Injured investors in these states will apparently have to fend for themselves.
In 2010, FINRA reminded its members in Notice to Members 10-22:
The Securities and Exchange Commission (SEC) and federal courts have long held that a BD that recommends a security is under a duty to conduct a reasonable investigation concerning that security and the issuer’s representations about it. This duty emanates from the BD’s "special relationship" to the customer, and from the fact that in recommending the security, the BD represents to the customer "that a reasonable investigation has been made and that [its] recommendation rests on the conclusions based on such investigation."
Failure to comply with this duty can constitute a violation of the antifraud provisions of the federal securities laws and, particularly, Section 17(a) of the Securities Act, Section 10(b) of the Securities Exchange Act and Rule 10b-5 thereunder. It also can constitute a violation of FINRA Rule 2010, requiring adherence to just and equitable principles of trade, and FINRA Rule 2020, prohibiting manipulative and fraudulent devices.
FINRA Notice to Members 10-22 (April 2010).
FINRA also reminded its members that "In order to ensure that it has fulfilled its suitability responsibilities, a BD in a Regulation D offering should, at a minimum, conduct a reasonable investigation concerning:
• the issuer and its management;
• the business prospects of the issuer;
• the assets held by or to be acquired by the issuer;
• the claims being made; and
• the intended use of proceeds of the offering.
• A BD must conduct a reasonable investigation in connection with each offering, notwithstanding that a subsequent offering may be for the same issuer. (Id. at 5).
With respect to the supervision of the sale of private placements, FINRA has reminded its members that "A firm that engages in Regulation D offerings must have supervisory procedures under Rule 3010 that are reasonably designed to ensure that the firm’s personnel, including its registered representatives:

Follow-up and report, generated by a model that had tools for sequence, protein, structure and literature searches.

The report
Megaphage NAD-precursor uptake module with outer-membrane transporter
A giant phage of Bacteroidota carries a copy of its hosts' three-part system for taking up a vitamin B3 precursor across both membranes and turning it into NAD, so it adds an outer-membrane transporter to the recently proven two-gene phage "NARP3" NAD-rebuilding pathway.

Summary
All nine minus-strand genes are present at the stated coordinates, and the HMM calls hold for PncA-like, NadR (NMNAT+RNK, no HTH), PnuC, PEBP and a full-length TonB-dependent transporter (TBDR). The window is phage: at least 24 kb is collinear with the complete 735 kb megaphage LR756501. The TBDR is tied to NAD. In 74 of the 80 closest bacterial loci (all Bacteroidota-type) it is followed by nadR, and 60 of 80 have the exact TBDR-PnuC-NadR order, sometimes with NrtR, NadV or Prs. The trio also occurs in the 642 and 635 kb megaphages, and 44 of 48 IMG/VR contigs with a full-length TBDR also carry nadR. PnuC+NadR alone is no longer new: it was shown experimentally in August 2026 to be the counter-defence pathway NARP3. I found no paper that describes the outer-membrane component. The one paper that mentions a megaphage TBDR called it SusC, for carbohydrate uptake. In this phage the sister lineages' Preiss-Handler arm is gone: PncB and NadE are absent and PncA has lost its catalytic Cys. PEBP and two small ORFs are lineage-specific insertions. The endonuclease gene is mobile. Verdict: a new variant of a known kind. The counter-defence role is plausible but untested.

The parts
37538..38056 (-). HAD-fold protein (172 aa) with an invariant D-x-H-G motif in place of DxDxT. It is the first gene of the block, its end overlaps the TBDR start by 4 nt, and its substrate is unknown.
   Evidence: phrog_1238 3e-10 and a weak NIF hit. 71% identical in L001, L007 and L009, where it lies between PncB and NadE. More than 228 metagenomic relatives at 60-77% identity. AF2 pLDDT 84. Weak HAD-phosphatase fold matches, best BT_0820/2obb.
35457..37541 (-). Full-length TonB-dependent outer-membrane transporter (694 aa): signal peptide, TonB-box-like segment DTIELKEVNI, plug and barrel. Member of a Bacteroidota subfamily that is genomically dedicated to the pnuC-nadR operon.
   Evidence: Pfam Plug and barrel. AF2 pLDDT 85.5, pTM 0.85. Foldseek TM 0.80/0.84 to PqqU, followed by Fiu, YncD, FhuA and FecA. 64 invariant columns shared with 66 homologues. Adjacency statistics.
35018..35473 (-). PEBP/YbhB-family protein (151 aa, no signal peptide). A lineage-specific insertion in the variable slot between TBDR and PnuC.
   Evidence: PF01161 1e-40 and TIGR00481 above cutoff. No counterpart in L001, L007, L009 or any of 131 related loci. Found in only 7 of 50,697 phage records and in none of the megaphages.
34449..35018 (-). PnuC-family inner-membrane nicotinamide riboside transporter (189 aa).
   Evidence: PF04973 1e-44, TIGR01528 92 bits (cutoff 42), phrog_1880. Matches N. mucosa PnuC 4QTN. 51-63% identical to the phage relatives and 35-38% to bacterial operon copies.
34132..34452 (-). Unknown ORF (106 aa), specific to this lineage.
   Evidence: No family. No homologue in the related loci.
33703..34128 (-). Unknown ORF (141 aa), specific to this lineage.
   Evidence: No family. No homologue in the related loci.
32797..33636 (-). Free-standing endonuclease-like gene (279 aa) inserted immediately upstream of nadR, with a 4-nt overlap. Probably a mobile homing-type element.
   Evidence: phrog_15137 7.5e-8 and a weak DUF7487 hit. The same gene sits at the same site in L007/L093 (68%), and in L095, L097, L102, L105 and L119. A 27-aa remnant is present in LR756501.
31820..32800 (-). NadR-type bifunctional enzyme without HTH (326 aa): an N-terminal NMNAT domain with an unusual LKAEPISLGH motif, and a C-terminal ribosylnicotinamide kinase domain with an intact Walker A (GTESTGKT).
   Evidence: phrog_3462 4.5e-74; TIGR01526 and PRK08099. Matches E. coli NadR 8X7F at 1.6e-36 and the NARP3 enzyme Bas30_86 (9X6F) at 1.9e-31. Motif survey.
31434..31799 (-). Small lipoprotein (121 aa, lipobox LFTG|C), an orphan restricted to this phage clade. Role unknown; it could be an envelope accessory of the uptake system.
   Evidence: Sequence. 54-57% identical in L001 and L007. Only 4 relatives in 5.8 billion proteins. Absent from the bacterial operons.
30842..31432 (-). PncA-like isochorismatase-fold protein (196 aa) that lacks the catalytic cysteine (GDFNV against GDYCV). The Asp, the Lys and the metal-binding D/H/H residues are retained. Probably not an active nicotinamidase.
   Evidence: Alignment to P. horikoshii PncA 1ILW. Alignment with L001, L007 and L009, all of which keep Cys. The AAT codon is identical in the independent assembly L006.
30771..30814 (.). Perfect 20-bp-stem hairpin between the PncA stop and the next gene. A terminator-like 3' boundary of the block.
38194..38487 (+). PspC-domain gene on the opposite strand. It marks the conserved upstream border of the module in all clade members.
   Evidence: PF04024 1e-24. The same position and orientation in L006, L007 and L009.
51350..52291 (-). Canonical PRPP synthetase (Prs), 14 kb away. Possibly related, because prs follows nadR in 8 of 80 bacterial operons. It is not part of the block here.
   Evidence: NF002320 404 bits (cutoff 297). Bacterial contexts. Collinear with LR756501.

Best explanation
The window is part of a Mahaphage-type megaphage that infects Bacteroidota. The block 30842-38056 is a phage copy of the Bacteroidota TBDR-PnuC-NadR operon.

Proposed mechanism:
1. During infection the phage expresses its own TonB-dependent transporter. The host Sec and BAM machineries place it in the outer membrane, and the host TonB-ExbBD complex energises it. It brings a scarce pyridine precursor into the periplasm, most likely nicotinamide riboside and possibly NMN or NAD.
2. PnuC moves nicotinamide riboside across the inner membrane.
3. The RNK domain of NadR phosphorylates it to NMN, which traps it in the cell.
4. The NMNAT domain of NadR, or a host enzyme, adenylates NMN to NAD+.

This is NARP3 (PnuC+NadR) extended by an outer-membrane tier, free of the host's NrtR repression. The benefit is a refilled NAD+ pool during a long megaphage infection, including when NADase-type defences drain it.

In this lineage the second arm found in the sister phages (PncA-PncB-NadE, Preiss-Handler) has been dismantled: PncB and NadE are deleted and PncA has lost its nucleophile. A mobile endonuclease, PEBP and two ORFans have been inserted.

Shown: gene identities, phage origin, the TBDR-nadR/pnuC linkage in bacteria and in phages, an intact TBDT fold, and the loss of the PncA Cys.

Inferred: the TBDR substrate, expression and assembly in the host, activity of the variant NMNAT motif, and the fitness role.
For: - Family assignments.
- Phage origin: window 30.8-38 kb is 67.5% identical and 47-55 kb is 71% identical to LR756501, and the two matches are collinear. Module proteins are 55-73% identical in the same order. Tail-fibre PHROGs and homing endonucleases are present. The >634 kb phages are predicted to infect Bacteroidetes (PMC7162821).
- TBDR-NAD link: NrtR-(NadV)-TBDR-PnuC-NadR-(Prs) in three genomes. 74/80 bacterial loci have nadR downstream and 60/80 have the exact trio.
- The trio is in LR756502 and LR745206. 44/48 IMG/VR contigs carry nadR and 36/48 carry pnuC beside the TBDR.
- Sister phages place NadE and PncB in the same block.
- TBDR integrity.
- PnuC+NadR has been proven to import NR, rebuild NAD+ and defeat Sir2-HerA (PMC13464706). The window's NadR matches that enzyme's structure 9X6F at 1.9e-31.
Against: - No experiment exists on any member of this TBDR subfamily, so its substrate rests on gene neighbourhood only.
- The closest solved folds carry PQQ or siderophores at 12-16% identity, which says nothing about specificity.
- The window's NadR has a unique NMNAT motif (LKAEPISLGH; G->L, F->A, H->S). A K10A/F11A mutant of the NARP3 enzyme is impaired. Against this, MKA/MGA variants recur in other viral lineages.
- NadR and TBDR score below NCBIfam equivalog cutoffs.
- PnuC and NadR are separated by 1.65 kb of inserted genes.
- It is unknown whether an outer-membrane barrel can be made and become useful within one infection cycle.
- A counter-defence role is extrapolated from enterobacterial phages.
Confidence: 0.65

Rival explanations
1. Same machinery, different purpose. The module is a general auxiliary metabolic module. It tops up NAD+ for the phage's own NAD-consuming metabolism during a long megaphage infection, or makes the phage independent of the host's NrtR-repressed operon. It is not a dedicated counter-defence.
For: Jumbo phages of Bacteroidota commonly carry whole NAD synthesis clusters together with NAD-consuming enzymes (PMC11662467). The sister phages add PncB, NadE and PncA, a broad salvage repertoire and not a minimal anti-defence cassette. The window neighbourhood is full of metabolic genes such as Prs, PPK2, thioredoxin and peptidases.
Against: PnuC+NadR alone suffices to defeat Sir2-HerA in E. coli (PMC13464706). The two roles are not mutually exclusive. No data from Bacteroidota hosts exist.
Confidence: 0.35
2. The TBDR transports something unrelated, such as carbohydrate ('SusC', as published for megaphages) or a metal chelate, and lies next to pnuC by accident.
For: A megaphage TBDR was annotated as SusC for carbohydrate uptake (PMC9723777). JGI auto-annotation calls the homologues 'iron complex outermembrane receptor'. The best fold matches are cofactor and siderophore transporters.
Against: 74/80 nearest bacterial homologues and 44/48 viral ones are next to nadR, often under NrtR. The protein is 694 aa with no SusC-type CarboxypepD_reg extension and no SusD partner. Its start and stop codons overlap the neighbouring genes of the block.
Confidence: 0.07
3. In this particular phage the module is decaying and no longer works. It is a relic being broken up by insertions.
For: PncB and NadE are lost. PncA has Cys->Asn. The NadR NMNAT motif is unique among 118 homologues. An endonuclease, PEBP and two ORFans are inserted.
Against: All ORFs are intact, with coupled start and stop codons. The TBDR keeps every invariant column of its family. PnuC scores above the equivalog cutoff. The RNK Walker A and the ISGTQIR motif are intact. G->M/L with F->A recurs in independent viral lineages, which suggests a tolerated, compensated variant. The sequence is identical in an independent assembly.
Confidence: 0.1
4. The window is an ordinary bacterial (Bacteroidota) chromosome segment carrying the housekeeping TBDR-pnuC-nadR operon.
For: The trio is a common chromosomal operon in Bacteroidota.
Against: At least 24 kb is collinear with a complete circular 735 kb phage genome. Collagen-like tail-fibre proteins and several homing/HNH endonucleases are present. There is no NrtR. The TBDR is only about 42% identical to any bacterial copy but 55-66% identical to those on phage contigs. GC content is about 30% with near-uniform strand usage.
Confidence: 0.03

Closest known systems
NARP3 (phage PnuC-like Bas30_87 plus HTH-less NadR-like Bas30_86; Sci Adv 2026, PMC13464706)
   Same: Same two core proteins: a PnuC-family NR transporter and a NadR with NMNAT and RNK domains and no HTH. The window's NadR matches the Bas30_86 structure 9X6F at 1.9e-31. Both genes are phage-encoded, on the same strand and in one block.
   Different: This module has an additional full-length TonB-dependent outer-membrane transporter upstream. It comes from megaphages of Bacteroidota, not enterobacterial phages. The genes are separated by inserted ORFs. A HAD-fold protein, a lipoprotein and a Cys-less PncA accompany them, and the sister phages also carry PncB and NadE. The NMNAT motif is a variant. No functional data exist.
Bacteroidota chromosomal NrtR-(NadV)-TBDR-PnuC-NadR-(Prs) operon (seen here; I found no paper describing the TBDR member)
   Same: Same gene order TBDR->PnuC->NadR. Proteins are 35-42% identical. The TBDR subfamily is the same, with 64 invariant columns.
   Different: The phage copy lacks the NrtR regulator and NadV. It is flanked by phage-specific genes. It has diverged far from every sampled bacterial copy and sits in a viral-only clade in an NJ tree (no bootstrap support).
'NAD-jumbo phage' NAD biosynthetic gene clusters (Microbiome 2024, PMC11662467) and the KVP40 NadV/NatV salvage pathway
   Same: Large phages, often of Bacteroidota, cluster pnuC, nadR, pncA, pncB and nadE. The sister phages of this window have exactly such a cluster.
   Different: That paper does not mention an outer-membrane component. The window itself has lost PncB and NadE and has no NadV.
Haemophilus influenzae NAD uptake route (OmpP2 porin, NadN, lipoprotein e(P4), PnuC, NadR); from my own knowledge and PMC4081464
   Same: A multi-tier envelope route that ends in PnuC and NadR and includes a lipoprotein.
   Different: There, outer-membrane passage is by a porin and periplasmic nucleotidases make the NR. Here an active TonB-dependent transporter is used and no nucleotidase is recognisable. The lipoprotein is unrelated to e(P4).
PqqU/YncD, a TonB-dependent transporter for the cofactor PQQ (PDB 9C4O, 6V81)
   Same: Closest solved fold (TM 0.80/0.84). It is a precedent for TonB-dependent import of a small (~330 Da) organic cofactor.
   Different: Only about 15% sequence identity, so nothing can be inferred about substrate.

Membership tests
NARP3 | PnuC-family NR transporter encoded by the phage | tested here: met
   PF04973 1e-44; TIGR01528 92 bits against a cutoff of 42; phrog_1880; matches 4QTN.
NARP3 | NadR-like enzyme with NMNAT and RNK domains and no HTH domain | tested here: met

• engage in an inquiry that is sufficiently rigorous to comply with their legal and regulatory requirements;
• perform the analysis required by NASD Rule 2310;
• qualify their customers as eligible to purchase securities offered pursuant to Regulation D; and
• do not violate the antifraud provisions of the federal securities laws or FINRA rules in connection with their preparation or distribution of offering documents or sales literature.
FINRA Notice to Members 10-22 at 7 (April 2010).
If you have lost money as the result of the inappropriate or unsuitable recommendation of a non-traded Real Estate Investment Trust or REIT by your stockbroker or investment professional, or your broker’s failure to conduct due diligence with respect to the sale of these securities you should consult with a lawyer.
Our practice is limited to the representation of investors in claims, for fraud in connection with the sale of securities, the sale or recommendation of excessively risky or unsuitable securities, breach of fiduciary duty, and the failure to supervise. We accept representation on a contingent fee basis, meaning there is no cost to unless we make a recovery for you, and there is never any charge for a consultation or an evaluation of your claim. For more information contact us at (877) SEC-ATTY.